To paraphrase the legendary Ron Burgundy from Anchorman, a material adverse effect (or “MAE”) is still “kind of a big deal” in tech M&A, especially when considering the Delaware Court of Chancery concluded in late 2018 – for the first time – that a buyer could walk away from a merger transaction because (among other matters) there was an MAE on the business of the seller in Akorn (worrying some practitioners that the bar for establishing the occurrence of more MAEs had been lowered, as discussed in more detail in our prior blog post). More recently, in its decision in Channel MedSystems, the Delaware Court of Chancery reaffirmed that establishing the occurrence of an MAE is a tall order. In Channel MedSystems, the Court found that although an executive of Channel MedSystems knowingly falsified documents that were submitted to the FDA in support of a pending application for FDA approval of a medical device (and, notably, Channel MedSystem’s only product), Boston Scientific failed to prove that such actions would likely result in an MAE. The Court found that, despite the breach of various representations and warranties, Boston Scientific was not permitted to terminate the deal and that Channel MedSystems was entitled to specific performance requiring Boston Scientific to close the transaction because the falsified reports would not have had a significant and long-term effect on the financial performance of the company. The Channel MedSystems decision reinforces the fact-specific nature of the finding in Akorn, and demonstrates that buyers still have a steep hill to climb before being able to walk away from a deal as a result of adverse developments in the seller’s business.
M&A Deal Litigation
While In re Trulia, Inc. Stockholder Litigation effectively marked the end of “disclosure-only” settlements in Delaware state courts, “disclosure-only” suits have reemerged in the federal court system where there is no consistent body of law deterring plaintiffs from bringing security law claims against merger parties for purported failures to accurately and completely disclose information. According to Cornerstone Research, the number of M&A class action filings increased from 34 in 2015 to 85 in 2016, 198 in 2017, and 182 in 2018. This trend continued in the first half of 2019, but at a slightly slower pace (72 filings in 1H19 compared to 91 in 1H18 and 91 in 2H18). The overwhelming majority of these cases are resolved pre-close, with the target company filing supplemental disclosures with the SEC. However, unlike the pre-Trulia regime, the parties typically do not enter into a “disclosure-only” settlement. Instead, the target company issues additional disclosures to moot plaintiffs’ disclosure claims and, as a result, plaintiffs agree to voluntarily dismiss their actions. Thereafter, plaintiffs’ counsel often demands a “mootness fee” (for the alleged benefit conferred by the supplemental disclosures), over which the parties can negotiate or litigate, if necessary. This past year we also witnessed an uptick in stockholder books and records demands (under Section 220 of the Delaware General Corporation Law) in connection with M&A transactions. These demands are often a precursor to post-close merger litigation, asserting breach of fiduciary duty claims (under Delaware law) or disclosure claims (under federal law). The purpose of such books and records demands (among other potential strategies) is to provide plaintiffs’ attorneys with more information regarding the underlying transaction and related process so that they can then use that information to draft a more detailed complaint with the goal of surviving a motion to dismiss – e.g., overcome a Corwin challenge in a breach of fiduciary duty case or satisfy the heightened pleading requirements of the Private Securities Litigation Reform Act (PSLRA) in a Section 14 case.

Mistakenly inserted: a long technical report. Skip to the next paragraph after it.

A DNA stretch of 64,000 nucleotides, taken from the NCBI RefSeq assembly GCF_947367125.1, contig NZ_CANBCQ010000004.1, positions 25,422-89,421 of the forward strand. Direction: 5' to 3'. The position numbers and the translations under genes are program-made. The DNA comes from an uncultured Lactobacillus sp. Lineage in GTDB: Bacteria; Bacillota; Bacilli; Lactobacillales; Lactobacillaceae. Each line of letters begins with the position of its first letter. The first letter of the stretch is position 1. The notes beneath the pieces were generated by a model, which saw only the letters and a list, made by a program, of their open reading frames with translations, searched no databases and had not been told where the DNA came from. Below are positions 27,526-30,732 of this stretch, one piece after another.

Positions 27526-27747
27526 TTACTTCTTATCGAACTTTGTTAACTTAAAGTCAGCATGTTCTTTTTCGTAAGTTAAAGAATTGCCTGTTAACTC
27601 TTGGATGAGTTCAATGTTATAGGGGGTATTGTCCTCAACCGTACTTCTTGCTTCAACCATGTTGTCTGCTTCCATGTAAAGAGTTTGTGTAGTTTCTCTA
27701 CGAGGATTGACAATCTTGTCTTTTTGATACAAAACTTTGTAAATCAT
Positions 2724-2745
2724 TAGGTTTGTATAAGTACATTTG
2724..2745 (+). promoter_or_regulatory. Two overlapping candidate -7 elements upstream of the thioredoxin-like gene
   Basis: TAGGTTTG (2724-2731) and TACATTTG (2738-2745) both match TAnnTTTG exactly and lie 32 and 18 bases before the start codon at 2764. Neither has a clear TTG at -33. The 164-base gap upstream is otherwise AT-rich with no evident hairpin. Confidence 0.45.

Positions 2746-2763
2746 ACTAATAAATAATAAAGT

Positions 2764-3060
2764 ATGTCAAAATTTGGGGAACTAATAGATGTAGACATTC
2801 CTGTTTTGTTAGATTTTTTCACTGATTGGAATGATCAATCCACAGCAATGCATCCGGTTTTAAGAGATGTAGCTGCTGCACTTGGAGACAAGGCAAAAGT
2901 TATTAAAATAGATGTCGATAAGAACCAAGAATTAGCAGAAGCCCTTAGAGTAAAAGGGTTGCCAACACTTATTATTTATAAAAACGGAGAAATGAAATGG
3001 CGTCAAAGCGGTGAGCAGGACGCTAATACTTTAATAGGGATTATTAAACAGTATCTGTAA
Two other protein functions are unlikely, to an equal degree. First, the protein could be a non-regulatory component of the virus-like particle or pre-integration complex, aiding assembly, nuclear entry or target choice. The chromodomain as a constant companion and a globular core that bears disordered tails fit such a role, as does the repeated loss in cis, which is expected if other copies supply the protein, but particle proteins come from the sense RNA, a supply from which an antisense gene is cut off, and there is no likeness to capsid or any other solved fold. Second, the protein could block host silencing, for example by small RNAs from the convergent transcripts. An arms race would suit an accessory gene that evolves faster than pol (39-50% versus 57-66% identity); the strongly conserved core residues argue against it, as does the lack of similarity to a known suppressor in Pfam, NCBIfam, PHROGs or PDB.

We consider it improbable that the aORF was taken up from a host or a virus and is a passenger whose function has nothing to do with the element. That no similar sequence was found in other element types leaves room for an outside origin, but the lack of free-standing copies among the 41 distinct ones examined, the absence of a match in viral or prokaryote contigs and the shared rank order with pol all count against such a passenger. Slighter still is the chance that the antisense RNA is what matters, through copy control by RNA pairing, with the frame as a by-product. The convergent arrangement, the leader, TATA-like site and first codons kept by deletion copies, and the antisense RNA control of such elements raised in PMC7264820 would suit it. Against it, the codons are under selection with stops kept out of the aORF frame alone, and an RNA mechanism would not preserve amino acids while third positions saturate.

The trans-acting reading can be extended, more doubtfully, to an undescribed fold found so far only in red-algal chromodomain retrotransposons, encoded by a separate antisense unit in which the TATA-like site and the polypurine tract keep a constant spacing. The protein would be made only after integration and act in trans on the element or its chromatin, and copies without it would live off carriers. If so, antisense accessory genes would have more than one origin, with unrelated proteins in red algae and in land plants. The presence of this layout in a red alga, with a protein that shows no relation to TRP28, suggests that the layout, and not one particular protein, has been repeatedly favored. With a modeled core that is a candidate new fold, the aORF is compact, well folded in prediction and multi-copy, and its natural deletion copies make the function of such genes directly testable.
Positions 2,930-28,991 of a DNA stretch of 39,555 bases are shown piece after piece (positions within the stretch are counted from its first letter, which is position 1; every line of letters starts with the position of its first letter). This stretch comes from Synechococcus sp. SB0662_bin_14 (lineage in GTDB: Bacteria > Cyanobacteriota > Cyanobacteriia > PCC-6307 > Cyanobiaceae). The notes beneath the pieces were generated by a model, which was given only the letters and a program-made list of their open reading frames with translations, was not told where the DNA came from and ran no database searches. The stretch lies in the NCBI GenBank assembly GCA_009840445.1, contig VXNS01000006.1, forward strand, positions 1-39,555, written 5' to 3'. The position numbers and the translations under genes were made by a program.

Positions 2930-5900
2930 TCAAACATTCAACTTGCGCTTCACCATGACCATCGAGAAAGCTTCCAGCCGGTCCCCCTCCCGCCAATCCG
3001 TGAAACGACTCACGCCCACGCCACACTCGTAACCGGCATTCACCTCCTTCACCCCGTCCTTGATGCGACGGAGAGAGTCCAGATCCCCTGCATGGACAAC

2019 marked another year of hypervigilance by tech buyers in the areas of data protection compliance and data rights. Companies with global operations that spent significant resources coming into compliance with the General Data Protection Regulation (GDPR) when it was implemented in the European Union in 2018, have found themselves this past year going through a similar compliance exercise in connection with the rollout of the California Consumer Privacy Act (CCPA), which became effective January 1, 2020. In addition to these new regulatory regimes, the heightened sensitivity in the market to privacy related matters is a result of the increasing importance of data to the business models of many in the tech sector. Companies that look to leverage the information they collect must implement dynamic data practices to ensure that they can comply with future legislative developments relating to the use of such information. As an outgrowth of these legislative and market realities, we have seen tech buyers spend an increasing amount of time and energy scrutinizing sellers’ data privacy practices and policies.